When Mike asked me last month if I wanted to go to the BYU - Air Force Academy football game I felt his forehead to see if he had a fever. We are not big sports fans. Spending most of a Saturday in traffic, and then in a noisy, crowded stadium full of people who (at least for the moment) hinge their happiness and reason for living on the outcome of a game is not even on our long list of "Oh Gee! I sure would like to do this on Saturday". But a large group of our friends was planning on going, and they invited us to carpool. We decided it would be a nice way to spend time with them. We both graduated from BYU, so that gave us a little bit of a connection to the event.
For those not aware of this, the drive from Lakewood to Colorado Springs is gorgeous. And we were in great company. The many tailgate parties, alumni tents, and carnival atmosphere in the parking lots around the stadium provided us some entertainment, just not the same kind as those who were participating. We got to visit with good friends for several hours, and we got to see how a part of the Air Force Academy culture works. At each game there is a fly over, a demonstration of the flying skills of their very impressive mascot (a real trained falcon), several performances of their marching band and drum line, and huge flag display. Each time Air Force scored, dozens of cadets would run down to the end zone and do synchronized push-ups for each point scored.
Okay, let me just get this part out of the way. We only stood and sang "Rise and Shout!" (the Cougar Fight song) twice. The last time the cadets ran down on the field to do their group push-ups, they had to do 35, one for each of the points scored by Air Force. Glad my mood does not depend on the outcome of that game.
But there was something else about Saturday. It was the ninth anniversary of 9/11. There was a special marching formation and flag ceremony before the game. We stood and had a moment of silence to remember victims of that day. Even though they are not mentioned, I think many of us also remember the hundreds of thousands of victims, living and dead, since that day. Then the honorary game captains were introduced. We stood to honor them. One is on the New York Police Force, was on duty on 9/11, has served several tours of duty overseas. The other is a New York fire fighter and was on duty on 9/11. One of his brothers was killed when the North Tower collapsed, another brother was killed when the South Tower collapsed.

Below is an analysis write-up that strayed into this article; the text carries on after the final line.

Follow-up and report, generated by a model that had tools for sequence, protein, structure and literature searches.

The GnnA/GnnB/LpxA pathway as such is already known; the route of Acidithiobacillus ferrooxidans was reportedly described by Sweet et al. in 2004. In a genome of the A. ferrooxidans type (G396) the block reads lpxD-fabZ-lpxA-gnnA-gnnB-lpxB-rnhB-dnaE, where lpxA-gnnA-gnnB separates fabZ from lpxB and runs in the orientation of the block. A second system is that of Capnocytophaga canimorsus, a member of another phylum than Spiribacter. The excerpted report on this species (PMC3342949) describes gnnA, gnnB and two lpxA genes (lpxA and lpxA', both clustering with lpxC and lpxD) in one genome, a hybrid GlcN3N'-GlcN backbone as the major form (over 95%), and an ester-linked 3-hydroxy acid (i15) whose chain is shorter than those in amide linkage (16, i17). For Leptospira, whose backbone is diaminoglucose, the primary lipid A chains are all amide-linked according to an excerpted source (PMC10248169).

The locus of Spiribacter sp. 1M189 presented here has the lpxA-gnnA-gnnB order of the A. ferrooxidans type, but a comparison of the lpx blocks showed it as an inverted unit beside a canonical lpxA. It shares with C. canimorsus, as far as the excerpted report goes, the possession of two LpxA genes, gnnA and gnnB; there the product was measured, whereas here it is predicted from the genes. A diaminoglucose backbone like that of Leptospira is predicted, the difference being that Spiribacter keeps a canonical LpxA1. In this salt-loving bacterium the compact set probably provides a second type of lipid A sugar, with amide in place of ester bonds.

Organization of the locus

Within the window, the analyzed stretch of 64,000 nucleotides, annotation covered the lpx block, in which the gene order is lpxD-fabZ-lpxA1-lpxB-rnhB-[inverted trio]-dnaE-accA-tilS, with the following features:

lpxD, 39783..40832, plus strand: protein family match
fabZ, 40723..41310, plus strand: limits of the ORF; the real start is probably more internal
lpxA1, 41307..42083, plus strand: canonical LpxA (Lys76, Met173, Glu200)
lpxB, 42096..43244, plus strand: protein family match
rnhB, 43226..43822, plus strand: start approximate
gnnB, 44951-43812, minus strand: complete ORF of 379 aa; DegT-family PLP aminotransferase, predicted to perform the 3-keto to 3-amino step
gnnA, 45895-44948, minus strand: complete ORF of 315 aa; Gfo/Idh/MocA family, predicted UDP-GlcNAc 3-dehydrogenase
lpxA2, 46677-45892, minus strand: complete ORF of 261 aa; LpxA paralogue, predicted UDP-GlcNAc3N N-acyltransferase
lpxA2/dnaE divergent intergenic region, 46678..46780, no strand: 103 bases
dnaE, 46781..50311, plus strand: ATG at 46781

That is the Stand and Weep part of the day.
I do not support the wars we are fighting overseas, but I support and appreciate the soldiers and families who are fighting.
I mourn for those who suffered loss and continue to suffer due to the horrific events of 9/11. Those include people from all over the world, from many cultures and religions, who were there on that day. And those who know and love the ones who were there. And those from all over the world who have suffered loss from the actions taken since that day.
I have no objection to the Mosque that is planned to be built a few blocks (not on or next to but a few blocks) from Ground Zero. I don't think the attacks on 9/11 were a Muslim action any more than I think that burning crosses on a lawn, or lynching people, or the Oklahoma City Bombing are Christian actions. These are the actions of terrorists and extremists, and they come from every culture and country. They are the antithesis of the core beliefs of every major religion.
So, among other things, I stand and weep. Because, as a practicing Mormon, I have promised to mourn with those that mourn, and help others carry their burdens, and follow the example of Christ in looking for how we are all a part of each other, and forgive and seek forgiveness even when it is hard.
On Saturday, even in the midst of crowds and noise and traffic, it was not hard.